Help Ensure Safe, Fair & Accessible Elections in Your Community
Voters head to the polls Nov. 8 for important state and federal elections. The more prepared and supported our elections systems are, the less likely it is that voters will be disenfranchised and the more confidence we can all have in the outcomes. Our faith communities can play a role in ensuring the electoral process runs smoothly and fairly.
With just one week to go, some Pennsylvania counties are still in need of help in preparing for Election Day. LAMPa volunteers have contacted almost every county in the state to learn what their needs are. Contact us here, to learn if there are needs in your area and to avoid overwhelming election offices.
“Election season is, unfortunately, a time when negative rhetoric is heightened, including that which belittles others and instigates fear. As Christians, we are called to foster and model civil dialogue, invite trust amid differences and lead healthy community conversations to discuss issues of the common good.” (ELCAVotes, pg.1)
ELCAVotes is an initiative developed in response to “Voting Rights to All Citizens,” a social policy resolution adopted by the
2013 ELCA Churchwide Assembly. The resolution urges that “members, congregations, and synods of this church be encouraged to ‘promote public life worthy of the name’ by speaking out as an advocate and engaging in local efforts
such as voter registration and supporting legislation to guarantee the right to vote to all citizens.”
As division and mistrust mount ahead of November elections, congregations and individual disciples may find the resources offered through ELCAVotes to be helpful in shaping a faithful response. Here, you will find guidance for Bible study, civic engagement, voting rights, provisions for those experiencing homelessness, churches as polling places, clergy and congregational participation in the electoral process, and more.
LAMPa urges our network to offer assistance to county elections offices — whether offering to be trained as an official elections worker or by offering an accessible building as a polling site. Adequate numbers of effectively trained workers and safe polling sites reduce wait times and the likelihood of frustration and mistrust among voters. In addition, LAMPa encourages volunteers to be trained as nonpartisan poll monitors — serving outside polls to help direct voters who may have gone to the wrong site, to report any problems, and to ensure that those legally allowed to vote are able to do so. Nonpartisan organizations such as the League of Women Voters of Pennsylvania and Common Cause of Pennsylvania may help you find an opportunity in your community.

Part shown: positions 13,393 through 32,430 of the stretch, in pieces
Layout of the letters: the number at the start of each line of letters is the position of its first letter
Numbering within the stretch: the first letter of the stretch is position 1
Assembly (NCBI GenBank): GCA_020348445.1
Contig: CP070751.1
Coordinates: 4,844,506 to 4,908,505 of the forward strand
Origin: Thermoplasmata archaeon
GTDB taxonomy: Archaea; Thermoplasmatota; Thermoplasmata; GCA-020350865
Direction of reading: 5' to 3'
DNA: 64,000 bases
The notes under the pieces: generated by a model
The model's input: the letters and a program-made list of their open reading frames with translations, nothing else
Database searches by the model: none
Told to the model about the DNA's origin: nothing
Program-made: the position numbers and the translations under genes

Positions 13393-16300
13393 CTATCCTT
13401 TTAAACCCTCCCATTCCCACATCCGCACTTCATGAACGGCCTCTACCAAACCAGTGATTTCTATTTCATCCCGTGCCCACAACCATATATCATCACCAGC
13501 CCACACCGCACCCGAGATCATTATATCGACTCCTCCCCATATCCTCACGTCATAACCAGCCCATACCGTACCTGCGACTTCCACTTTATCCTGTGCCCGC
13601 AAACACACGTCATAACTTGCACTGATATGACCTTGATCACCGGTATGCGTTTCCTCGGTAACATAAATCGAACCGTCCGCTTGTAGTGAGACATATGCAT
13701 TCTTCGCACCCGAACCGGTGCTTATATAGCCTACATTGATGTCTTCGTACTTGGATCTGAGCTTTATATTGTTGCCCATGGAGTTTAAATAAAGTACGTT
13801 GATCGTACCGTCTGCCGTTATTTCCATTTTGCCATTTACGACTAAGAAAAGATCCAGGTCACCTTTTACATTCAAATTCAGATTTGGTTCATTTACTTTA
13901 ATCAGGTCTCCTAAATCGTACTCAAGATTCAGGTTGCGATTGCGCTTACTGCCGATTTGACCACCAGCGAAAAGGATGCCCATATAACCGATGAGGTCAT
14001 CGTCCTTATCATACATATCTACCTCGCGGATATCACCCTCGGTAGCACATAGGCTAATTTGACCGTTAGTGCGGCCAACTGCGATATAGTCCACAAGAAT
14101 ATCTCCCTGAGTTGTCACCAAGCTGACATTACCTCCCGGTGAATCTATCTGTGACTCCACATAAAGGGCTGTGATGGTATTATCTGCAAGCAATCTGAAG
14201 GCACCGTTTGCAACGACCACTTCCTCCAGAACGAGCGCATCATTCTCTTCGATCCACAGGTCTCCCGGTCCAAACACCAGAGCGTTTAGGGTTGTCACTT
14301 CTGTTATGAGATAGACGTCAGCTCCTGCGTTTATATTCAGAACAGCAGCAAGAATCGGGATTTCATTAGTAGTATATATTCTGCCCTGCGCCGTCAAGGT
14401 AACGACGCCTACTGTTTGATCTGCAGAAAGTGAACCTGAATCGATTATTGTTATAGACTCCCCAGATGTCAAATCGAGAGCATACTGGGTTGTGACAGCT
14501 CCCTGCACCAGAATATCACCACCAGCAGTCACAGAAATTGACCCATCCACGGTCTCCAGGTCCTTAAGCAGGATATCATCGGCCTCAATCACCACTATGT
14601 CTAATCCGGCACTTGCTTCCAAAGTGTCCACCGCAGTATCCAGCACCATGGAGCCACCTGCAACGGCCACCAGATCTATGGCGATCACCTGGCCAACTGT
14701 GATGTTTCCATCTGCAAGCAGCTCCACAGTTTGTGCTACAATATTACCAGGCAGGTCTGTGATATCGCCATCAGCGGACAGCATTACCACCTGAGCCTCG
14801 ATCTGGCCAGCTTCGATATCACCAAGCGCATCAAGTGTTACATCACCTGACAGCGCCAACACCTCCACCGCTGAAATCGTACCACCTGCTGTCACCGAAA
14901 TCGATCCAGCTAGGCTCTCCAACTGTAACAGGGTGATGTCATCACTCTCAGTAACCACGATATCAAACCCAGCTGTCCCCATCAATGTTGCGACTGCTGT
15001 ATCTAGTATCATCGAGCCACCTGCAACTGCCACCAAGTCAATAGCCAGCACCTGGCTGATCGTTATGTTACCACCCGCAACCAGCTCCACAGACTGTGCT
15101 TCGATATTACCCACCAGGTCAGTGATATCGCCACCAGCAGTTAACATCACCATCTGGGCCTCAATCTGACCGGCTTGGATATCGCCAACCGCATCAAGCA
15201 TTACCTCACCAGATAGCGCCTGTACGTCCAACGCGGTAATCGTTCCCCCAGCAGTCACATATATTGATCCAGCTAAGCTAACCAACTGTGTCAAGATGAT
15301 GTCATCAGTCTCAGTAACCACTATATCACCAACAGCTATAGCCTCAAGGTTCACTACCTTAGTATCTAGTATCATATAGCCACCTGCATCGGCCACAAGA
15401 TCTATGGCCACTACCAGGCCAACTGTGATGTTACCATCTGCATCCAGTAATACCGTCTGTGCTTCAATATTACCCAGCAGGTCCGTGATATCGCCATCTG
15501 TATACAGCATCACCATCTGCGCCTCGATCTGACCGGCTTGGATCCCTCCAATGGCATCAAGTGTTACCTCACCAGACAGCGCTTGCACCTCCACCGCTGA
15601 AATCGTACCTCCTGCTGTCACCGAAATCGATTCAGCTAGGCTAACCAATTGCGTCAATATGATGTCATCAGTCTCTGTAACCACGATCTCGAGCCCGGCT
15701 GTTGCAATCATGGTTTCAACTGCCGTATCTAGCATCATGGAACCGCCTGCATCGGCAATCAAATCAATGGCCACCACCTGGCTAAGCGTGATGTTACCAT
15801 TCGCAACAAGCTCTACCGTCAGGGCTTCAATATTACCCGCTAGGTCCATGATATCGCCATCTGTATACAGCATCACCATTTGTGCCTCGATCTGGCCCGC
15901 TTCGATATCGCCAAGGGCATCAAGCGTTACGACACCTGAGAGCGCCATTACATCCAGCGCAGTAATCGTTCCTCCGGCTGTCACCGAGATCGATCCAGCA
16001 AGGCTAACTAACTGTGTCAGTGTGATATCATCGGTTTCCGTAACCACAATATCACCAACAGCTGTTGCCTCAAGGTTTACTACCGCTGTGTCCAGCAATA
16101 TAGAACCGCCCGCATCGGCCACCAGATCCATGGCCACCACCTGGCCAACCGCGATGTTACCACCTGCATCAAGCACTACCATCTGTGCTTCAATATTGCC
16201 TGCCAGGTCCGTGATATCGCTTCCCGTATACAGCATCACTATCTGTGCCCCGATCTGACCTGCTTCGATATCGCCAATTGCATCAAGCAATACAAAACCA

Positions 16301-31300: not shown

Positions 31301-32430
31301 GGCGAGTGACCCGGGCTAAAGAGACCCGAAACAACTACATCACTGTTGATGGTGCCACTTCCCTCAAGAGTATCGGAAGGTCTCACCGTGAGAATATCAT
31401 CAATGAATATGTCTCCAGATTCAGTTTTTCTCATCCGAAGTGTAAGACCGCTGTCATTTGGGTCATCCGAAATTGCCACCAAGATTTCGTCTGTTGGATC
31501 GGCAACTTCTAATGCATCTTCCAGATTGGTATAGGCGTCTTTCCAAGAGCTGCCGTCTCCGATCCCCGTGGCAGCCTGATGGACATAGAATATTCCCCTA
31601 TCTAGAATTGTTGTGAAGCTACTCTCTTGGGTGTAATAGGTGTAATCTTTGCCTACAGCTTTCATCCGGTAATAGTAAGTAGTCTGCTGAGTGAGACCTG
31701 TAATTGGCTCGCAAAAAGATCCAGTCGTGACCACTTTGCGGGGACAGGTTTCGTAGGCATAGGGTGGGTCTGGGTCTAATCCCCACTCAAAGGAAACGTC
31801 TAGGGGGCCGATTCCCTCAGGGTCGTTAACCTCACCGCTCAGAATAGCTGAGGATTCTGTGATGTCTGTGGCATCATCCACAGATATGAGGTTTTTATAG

In addition, you can help promote awareness of elections rules, procedures and important dates, as well as get answers to frequently asked questions by visiting the PA Department of State.
Local ministries and advocacy groups can play a monumental role in ensuring access for all people interested
in civic engagement and in guaranteeing that no voice is lost in our democratic process. Faith activists and churches engaged in the margins of society are often the best-positioned, and sometimes the only means, to expand voter outreach, for example, with people struggling with homelessness. Lutherans have long been involved in the fight to protect voting rights in the United States. In discussion and in actions of civic engagement, we can continue to promote policies that favor the inclusion of all.